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Scotland's shocking drug-deaths rate is less about the legislation than repeated failures to...

...deliver on good policies like ‘Road to Recovery’

Here's my latest column in the Scotsman on 28th July 2023....

There is a debate to be had about decriminalising drugs, but lives can be saved by providing decent drugs services.

Whatever side of the drug-decriminalisation debate you are on, there’s no denying that serious discussion is needed. For over 20 years, we have known that the Misuse of Drugs Act 1971 is unfit for purpose. The legislation was enacted when our knowledge was limited and fear of drug-related crime was high. As anyone involved in enforcement will tell you, the so-called ‘war on drugs’ was a tragic misnomer that filled our prisons but did nothing more.

There are compelling arguments for a wholesale review of our drug legislation and some evidence that points to the benefit of decriminalising drugs for personal use. But it’s not straightforward. There are contradictory views and the fear of unintended consequences. How would we ever get the genie back in the bottle if things went wrong? The struggle of Amsterdam to reverse its liberal drug policy is seen by some as a horrible warning.

Our politicians would like to make legislative changes, but fear of the unknown and appearing weak means it’s unlikely we will see change anytime soon. But in a real sense that doesn’t matter because Scotland’s lamentable drug problem has little to do with the legislation. For a start, it does not explain our dreadful record compared with England and Wales, working under the same laws.

It’s not the legislation or the power to divert drug users from prosecution, it’s the fact that drug recovery services do not exist or, like our mental health services, are vastly oversubscribed. An American academic once told me that while Scotland had a good record of policy development, we were very poor at delivery. He had a point, and our recent attempts at delivering drug services are a fine example.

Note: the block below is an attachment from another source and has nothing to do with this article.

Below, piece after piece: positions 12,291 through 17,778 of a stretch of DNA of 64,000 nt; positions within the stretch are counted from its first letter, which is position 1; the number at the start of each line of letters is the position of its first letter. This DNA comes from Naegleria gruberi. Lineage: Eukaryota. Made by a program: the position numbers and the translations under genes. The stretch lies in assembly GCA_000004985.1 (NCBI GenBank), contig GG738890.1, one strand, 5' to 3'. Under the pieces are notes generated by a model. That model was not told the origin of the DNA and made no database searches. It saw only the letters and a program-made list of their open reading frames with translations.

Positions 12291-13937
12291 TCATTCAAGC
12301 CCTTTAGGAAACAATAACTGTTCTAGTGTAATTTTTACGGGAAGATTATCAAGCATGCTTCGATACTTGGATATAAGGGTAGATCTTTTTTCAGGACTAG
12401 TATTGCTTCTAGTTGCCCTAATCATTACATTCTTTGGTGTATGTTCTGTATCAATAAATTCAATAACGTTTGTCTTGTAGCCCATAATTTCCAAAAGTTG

We do not need to look far for a comparison, just over the border in north-east England. The old industrial heartland around Newcastle has many of the same problems as our most deprived areas yet it has a drug-death rate many times smaller. The reasons for this are straightforward.

Like us, they developed evidence-based drug policy, and like us they drew up action plans with performance indicators and costs. But then the differences become apparent. They followed through with their action plans while we invariably did not.

Take our 2008 ‘Road to Recovery’ drug policy, an example I know well. It was a forward-thinking policy, drawn together by a team of able civil servants, led by a capable Cabinet minister. The emphasis was on recovery, it was properly structured and costed, but it never happened. A year after ‘Road to Recovery’ was launched, the minister responsible had moved on and the budgets of alcohol and drug action teams had been slashed by 40 per cent. Our words and actions did not match.

This sorry pattern has been repeated since, with good policy development followed by political vacillation and stop-go funding leading to an interminable and fatal game of snakes and ladders. Decisions about reforming our drug legislation are difficult but that does not mean they should be avoided. In the meantime, if we want to improve our dreadful drug-death situation, we must stick to our plans, allocate funding, and see them through.

Tom Wood is a writer, former police officer and independent chair of the Scottish Association of Alcohol and Drug Action Teams

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